A number of the world’s biggest recording artists may be set to wrest control of their back catalogues from their respective record companies after a loophole in US copyright law sees them able to file to have the copyright and master recordings returned to them.

When US copyright law was altered in the mid 1970s, it granted ‘termination rights’ to artists, allowing them to regain control over their work after 35 years had passed, on the proviso that they applied to do so two years in advance.

Recordings released in 1978 are the first to fall under this provision of copyright law, and a number of the world’s biggest selling artists have already put in train the processes to take back the masters of their work, which since release have made millions and millions for their record companies.

Some of these artists include Bruce Springsteen, who released Darkness On The Edge of Town and Billy Joel who released 52nd Street, and were both amongst the biggest selling records of the year. At stake is potentially millions of dollars not just for the artists, but for other personnel who worked on the relevant albums.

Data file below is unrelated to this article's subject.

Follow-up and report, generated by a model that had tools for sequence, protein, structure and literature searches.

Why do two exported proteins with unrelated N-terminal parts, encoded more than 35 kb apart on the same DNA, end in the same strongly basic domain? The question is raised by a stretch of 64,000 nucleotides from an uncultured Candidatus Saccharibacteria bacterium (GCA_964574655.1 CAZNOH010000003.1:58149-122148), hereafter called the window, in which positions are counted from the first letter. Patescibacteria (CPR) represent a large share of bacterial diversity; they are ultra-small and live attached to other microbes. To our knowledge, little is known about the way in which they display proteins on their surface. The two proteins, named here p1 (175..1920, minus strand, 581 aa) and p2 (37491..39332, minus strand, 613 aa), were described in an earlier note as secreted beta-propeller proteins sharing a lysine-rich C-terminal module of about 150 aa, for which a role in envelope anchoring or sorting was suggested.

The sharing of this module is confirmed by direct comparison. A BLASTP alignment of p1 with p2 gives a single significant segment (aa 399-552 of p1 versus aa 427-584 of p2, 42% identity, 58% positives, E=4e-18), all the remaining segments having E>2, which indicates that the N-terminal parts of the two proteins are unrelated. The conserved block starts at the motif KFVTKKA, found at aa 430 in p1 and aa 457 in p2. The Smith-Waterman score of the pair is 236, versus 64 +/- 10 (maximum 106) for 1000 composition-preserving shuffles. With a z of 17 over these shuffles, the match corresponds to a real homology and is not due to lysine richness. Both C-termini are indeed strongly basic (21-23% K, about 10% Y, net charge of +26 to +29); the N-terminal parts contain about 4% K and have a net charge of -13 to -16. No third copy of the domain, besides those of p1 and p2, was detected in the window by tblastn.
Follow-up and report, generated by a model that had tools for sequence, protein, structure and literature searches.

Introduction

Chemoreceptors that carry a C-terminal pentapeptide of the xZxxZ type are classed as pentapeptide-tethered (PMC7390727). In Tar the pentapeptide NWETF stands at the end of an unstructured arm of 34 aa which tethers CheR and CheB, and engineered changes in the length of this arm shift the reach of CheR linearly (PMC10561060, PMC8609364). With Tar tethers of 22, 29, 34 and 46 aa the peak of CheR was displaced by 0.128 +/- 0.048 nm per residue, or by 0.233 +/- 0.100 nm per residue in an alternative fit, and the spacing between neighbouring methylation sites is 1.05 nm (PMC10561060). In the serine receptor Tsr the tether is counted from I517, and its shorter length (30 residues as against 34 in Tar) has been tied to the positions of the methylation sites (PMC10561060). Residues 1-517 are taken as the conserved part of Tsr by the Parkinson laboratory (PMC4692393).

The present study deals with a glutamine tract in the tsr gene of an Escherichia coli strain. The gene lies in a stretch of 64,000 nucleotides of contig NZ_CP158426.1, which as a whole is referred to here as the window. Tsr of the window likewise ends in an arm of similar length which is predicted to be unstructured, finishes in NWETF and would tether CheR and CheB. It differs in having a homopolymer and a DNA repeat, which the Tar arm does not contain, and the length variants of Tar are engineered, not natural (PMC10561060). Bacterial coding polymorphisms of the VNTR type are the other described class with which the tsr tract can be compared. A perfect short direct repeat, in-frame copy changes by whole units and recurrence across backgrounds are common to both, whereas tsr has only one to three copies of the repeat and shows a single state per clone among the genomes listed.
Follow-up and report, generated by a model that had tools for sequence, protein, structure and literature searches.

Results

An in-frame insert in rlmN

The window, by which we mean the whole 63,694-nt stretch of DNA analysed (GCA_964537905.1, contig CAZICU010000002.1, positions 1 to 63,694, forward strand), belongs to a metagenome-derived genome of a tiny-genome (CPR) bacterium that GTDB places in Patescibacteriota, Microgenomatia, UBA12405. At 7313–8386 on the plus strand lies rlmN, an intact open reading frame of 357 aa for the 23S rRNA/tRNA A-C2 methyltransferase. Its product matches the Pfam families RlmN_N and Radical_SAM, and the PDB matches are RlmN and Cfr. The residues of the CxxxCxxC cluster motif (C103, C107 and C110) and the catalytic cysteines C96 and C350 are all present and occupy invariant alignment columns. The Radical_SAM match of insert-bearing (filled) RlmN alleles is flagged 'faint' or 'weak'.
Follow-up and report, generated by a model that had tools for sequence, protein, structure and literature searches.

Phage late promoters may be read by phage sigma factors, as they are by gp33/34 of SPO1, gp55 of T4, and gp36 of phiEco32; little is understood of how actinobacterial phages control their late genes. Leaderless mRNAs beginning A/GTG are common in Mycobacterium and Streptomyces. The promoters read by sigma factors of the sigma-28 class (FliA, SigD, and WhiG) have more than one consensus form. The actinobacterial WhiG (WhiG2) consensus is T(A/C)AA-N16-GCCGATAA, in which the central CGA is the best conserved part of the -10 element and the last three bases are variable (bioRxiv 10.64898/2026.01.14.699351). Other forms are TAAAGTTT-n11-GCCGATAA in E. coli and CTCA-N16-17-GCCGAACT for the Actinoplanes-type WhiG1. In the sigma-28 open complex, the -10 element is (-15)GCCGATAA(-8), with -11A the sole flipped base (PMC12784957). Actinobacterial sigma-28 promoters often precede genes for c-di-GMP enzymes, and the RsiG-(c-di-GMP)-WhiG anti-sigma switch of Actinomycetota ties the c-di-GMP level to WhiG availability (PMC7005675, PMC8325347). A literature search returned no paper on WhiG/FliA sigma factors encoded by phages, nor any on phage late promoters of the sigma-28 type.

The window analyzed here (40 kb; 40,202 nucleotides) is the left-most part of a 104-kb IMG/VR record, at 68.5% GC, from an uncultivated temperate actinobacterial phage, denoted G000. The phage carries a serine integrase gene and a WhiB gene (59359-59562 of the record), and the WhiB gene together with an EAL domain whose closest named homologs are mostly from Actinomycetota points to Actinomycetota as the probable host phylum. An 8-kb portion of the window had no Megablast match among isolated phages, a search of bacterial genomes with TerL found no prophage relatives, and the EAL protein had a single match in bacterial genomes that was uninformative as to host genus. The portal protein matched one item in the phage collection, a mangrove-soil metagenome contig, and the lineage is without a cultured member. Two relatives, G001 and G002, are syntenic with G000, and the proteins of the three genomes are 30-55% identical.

The ruling also leaves uncertainty for artists from other countries such as the UK or Australia, who released albums in the US but may not be covered under the law. Members of the Little River Band will be particularly interested as they scored a US Top 20 with Sleeper Catcher, released in 1978 that featured the hit single ‘Reminiscing’ which reached the exalted position of number three on the US Billboard Charts.

Naturally, the big four record companies are fighting this tooth and nail, arguing that they own the recordings and masters in perpetuity. With sales of recorded music plummeting, the record labels are desperate to hold on to these relatively low cost, high profit back catalogue recordings.